Sunday, April 25, 2010


I am at that stage of life when it is perfectly excusable to indulge oneself by living in a dream world from time to time; a place where even the impossible can come true. For me such times usually occur at two AM in the morning, to an accompaniment of Tevye the milkman singing “If I Were a Rich Man”. And I start thinking . . .
If I were a rich man, I would own a boat. Not just any boat. Not even the usual “boat”. It would have to be a ‘Down East’ lobster boat; a 34-footer would be about right. And it would have to be a Beals Island type, with a classic cedar “carvel” plank hull, built up on a white oak back bone, with steam-bent frames of locust wood, and an extended deck house just long enough to enclose a small living space for overnight cruising. It would be nice if it had an up-to-date diesel power plant, oh, a Perkins or better yet a Caterpillar would do nicely. It would have to be a 1970s vintage, and originally built by one of the Beals or Alleys themselves, or, in a pinch, a “glassed-over” rebuild of one. I would keep her moored in New Harbor, where my friend Merle Thompson could keep her ship-shape and runnin’ smooth for when I could get back to the mid-coast two or three times a year. (It’s a long way to coastal Maine from Zion.)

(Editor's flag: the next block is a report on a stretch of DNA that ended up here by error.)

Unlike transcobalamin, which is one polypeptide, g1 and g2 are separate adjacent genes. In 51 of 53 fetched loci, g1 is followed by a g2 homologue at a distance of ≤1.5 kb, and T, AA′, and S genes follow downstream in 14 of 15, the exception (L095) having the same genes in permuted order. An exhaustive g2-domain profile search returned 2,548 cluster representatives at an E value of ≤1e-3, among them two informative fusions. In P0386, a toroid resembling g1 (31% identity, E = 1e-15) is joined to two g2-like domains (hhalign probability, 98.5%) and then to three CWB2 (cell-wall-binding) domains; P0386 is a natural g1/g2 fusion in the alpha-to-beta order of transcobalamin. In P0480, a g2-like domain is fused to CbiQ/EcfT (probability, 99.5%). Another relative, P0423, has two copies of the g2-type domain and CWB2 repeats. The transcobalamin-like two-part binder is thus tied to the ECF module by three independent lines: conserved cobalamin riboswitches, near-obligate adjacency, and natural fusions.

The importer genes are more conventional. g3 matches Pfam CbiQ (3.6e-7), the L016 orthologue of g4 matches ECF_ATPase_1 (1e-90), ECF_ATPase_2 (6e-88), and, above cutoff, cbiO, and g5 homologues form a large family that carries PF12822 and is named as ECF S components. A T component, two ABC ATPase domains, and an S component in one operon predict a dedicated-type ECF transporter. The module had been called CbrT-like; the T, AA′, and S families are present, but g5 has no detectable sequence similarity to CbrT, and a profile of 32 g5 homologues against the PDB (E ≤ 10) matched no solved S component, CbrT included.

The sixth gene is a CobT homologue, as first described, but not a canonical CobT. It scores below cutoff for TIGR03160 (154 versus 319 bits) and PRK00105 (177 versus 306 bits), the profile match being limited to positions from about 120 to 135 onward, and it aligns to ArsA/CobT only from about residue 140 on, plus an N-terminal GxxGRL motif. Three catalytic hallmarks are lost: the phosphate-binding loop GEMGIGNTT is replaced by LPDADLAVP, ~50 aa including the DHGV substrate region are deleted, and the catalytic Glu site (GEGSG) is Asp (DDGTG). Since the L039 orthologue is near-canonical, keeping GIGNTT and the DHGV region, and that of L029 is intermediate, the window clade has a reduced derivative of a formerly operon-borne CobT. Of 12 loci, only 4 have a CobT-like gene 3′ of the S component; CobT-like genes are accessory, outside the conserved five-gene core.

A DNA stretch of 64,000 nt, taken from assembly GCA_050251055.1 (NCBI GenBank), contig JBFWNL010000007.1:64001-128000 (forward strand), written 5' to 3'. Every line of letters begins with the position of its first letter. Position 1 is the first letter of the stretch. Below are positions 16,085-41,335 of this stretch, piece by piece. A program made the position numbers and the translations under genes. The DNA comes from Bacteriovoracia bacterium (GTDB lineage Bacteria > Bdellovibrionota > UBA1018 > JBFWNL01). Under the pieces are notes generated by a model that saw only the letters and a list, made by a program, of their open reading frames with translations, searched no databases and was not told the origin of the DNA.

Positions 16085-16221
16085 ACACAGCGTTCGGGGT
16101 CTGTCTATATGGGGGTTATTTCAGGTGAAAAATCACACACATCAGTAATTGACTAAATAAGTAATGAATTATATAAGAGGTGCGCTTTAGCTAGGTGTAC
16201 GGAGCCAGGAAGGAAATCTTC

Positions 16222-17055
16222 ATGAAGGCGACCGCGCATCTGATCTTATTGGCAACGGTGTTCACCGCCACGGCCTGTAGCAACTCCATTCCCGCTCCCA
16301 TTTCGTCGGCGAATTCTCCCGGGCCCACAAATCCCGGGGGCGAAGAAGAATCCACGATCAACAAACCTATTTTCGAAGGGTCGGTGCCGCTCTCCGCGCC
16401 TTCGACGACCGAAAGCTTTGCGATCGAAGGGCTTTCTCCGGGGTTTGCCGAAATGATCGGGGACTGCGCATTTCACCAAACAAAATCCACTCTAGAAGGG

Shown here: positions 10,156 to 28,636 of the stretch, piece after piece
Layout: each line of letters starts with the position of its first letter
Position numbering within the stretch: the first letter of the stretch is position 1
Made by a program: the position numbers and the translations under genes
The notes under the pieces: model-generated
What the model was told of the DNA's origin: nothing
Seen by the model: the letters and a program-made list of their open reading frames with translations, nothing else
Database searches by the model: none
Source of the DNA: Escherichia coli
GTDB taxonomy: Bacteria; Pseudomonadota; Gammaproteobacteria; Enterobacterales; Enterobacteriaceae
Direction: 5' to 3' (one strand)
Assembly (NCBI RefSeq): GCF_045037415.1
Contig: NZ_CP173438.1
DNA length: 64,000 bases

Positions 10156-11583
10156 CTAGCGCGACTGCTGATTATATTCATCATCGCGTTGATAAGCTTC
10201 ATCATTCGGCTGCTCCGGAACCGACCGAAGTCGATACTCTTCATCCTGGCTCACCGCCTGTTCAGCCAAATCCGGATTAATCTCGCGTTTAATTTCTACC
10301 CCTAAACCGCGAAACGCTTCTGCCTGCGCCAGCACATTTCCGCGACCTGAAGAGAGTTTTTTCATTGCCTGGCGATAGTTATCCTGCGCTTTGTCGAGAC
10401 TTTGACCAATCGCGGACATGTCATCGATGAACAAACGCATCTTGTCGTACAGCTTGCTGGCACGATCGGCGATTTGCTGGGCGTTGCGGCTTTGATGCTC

“Sleepless Nights” captures the worries of a young lobsterman hoping for a good season in order to make payments on his first boat.

Of course, it goes without saying that even though no longer a full time “working boat”, it should have a hydraulic trap hoist and all the appropriate fittings so that I could pull a few well-placed lobster traps when the need arose; on the right side if you please. You see, I not only love lobster boats, the folks who cherish and operate them, and the waters they ply, but that pincer-snapping crustacean which gives purpose to the whole enterprise. After all, my favorite soup is lobster chowder, my number one sandwich is an over-stuffed lobster-meat roll, and a deep-dish, double-crust lobster pie gives new meaning to the word sumptuous.

“Pandora”s two-man crew loads up with bait and supplies at a Boothbay Harbor wharf.